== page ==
Earlier this week I was writing some code that used a statically linked C library, and I was trying to use a default the library documentation used in its examples, DEFAULT_CAMERA_CONFIGURATION.

I was able to use everything else in the library itself just fine, but when I’d try to use this constant, my program wouldn’t compile and give a linker error instead SYMBOL_NOT_FOUND.

When you compile code into a library or an executable, the names (variables, functions, constants) are called symbols. In my case the symbol DEFAULT_CAMERA_CONFIGURATION wasn’t showing up in the compiled static library. I went to look at the source code for the library, and my constant had the keyword static in front of it:

static const DEFAULT_CONFIGURATION= ...

Ori took one look at it told me “yeah it’s not going to be exported”. Then he explained it all to me:

The static keyword in C

The point of the static keyword in C is mean “this variable won’t be visible outside this file”. And technically by “this file”, I mean “this object file” (.o), which I’ll explain now.

First I’ll do a small recap of the C compilation process, but I don’t recommend skipping it; I thought I was familiar with how the parts interacted myself until this morning.

A small C compiling recap

We’re going to recap there separate steps in the C code->program C process that we care about: Preprocessing, Compilation and Linking.

Our example program will have these files:

a.h, contains #include <math.h>
a.c, contains #include "a.h"
b.h, contains #include "a.h"
b.c, contains #include "b.h" 

Preprocessing

When the preprocessor sees the term #include, like a.c's #include a.h it will literally, (literally!) copy all of a.h into a.c at the location of the #include.

So a.c will have all the contents of a.h, which are themselves all the contents of math.h.

Sometimes #includes have loops in them, like if a.h also b.h. This would cause problems!

Include guards

This is what include guards are for: breaking loops in the includes of a .c file. Include guards look like this in C:

#ifndef A_HEADER
#define A_HEADER 
...contents of a.h
#endif

This only includes the contents of a.h once, so that if someone else also includes a.h it won’t be copied into the file again. Sometimes include guards look like this too:

#pragma once

All of this #include, and #define, #ifndef business is the C preprocessor’s work. Next is compilation!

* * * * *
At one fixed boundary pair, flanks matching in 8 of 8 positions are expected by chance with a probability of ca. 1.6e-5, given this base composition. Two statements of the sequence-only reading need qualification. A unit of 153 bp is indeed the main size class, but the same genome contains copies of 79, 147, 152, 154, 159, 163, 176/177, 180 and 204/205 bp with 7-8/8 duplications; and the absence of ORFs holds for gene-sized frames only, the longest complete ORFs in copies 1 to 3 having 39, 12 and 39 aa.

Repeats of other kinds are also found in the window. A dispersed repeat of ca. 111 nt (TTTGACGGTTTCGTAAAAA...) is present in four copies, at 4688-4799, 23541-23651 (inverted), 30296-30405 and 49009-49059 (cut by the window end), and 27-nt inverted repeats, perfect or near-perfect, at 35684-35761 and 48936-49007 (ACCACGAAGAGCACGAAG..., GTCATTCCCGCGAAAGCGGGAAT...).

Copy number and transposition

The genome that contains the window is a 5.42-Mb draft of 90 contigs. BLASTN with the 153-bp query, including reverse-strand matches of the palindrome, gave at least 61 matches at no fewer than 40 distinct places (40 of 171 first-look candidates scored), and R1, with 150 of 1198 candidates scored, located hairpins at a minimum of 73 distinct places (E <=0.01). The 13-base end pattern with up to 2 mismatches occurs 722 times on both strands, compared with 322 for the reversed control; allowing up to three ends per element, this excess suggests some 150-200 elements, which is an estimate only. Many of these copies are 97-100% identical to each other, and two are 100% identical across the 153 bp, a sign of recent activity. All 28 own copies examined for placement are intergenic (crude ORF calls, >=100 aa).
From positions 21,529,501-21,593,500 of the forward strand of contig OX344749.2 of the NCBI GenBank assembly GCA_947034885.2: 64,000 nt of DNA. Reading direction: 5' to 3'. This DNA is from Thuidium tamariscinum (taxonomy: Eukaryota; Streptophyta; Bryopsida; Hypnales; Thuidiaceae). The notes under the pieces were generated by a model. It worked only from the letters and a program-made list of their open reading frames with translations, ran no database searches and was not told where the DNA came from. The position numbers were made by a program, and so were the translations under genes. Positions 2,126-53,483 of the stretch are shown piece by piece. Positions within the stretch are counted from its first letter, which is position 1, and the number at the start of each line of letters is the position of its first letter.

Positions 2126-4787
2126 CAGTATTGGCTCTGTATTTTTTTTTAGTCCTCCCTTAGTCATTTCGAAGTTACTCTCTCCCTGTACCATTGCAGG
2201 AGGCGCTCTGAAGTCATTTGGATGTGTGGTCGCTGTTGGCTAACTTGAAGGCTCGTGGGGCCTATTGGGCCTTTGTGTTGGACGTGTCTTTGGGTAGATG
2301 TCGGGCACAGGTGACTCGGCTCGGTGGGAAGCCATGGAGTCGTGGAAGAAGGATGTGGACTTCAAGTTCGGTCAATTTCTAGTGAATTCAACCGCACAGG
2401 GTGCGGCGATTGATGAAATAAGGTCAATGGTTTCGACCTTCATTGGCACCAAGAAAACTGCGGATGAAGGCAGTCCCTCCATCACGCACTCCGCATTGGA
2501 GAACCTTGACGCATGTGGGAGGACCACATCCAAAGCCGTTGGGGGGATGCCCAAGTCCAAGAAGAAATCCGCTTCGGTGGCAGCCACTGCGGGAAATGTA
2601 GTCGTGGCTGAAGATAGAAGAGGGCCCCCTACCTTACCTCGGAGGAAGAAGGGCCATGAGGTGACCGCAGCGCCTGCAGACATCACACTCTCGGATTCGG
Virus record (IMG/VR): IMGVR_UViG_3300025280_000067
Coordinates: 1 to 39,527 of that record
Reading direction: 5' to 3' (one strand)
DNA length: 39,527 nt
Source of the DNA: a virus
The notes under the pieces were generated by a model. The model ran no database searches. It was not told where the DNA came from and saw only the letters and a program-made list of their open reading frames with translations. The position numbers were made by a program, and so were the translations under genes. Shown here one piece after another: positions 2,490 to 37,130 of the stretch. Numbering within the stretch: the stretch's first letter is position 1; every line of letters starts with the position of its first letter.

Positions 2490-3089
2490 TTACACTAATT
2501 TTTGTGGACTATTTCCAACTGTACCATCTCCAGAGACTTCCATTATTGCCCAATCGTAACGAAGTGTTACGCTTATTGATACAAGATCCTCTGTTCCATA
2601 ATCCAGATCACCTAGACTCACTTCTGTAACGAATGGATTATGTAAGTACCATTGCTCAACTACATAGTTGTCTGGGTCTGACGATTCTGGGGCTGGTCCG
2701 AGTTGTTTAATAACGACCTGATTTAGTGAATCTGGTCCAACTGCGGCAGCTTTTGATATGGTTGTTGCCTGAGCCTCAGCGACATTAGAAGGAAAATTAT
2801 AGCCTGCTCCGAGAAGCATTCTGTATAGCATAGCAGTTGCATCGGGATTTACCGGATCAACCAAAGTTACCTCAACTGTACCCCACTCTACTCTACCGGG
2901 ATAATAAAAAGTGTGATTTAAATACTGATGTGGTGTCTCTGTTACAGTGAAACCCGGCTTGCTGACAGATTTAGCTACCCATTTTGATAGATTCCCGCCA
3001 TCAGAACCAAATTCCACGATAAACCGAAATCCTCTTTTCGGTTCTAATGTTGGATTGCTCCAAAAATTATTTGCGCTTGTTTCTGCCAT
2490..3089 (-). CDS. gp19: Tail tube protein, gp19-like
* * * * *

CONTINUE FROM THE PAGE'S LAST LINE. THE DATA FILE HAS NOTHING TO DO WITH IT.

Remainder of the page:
Compilation

After a.c has been preprocessed, the compiler will come in and compile a.c into an “object file”, a.o. An object file is “machine code” that could execute, but instead of pointing to the correct functions, has placeholders like (waves hand)

c = CALL_FUNCTION(__LOCATION_OF_FUNCTION_ADD__, a, b)

Linking

The linker is going to combine a.o and b.o into a final executable. Importantly, to do that it needs to replace all the references to symbols with their final location in the executable.

For example in our previous example it would insert the location of add() as “memory location 3456”.

The linker looks up the location of add() in the final program in something called a Symbol Table.

What the static keyword does

Let’s add a little bit to our example.

What if both a.c and b.c defined a constant called FILE?

//in a.c
const FILE_LOCATION = "/my/first/path"
//in b.c
const FILE_LOCATION = "/my/other/path"

Each C file would compile fine on its own into a.o and b.o.

However, when linking a and b together, the linker wouldn’t know which FILE_LOCATION the linker doesn’t know which constant you mean. Specifically, it would have duplicate symbols in the symbol table.

So the idea of static is to say “don’t export this symbol outside this object file”.

The technical term for this is internal linkage.

My mistake was thinking that include guards could fix this issue if the constants were defined in header files. Include guards can’t fix this because they are fundamentally at an earlier step in the pipeline (preprocessing): they can’t prevent duplicate symbols at the linking step.

Constants in C

From what I’ve learned, C constants are usually defined with either #defines, like

#define PI 3.14159265

or with static consts, so they don’t leak into other objects.

And what about extern?

Extern also modulates symbol resolution at linking time. In short, externs are like import statements in javascript.

Instead of having const FILE_LOCATION in a.c, we change it to extern FILE_LOCATION, while keeping the const FILE_LOCATION in b.c. That tells the linker “I’m going to use this symbol FILE_LOCATION, but I don’t define it in this Object file.”

So here, a.o would be using b.o's FILE_LOCATION.

The technical term for this is external linkage.

Aside: There is a third possible setting for linkage in C, and that is no linkage, used for local variables, since they can never be referenced outside of their functions.

So static and extern in C are kind of opposites. static is kind of like a private variable/function (and in C by default everything is public), and extern is like an import.

But what about the header files that include each other?

Yeah, if a.h includes the symbols from b.h, won’t that mean that when linking a.o to b.o, the former will already have symbols for everying in b?

The last detail I learned is that

Function and variable declarations that don't have definitions later on are implicitly extern.

So there you have it, static and extern in C, and the different linkage types!

I hope this post helps at least one person, in the way that it could have saved me half a day at the Recurse Center earlier!

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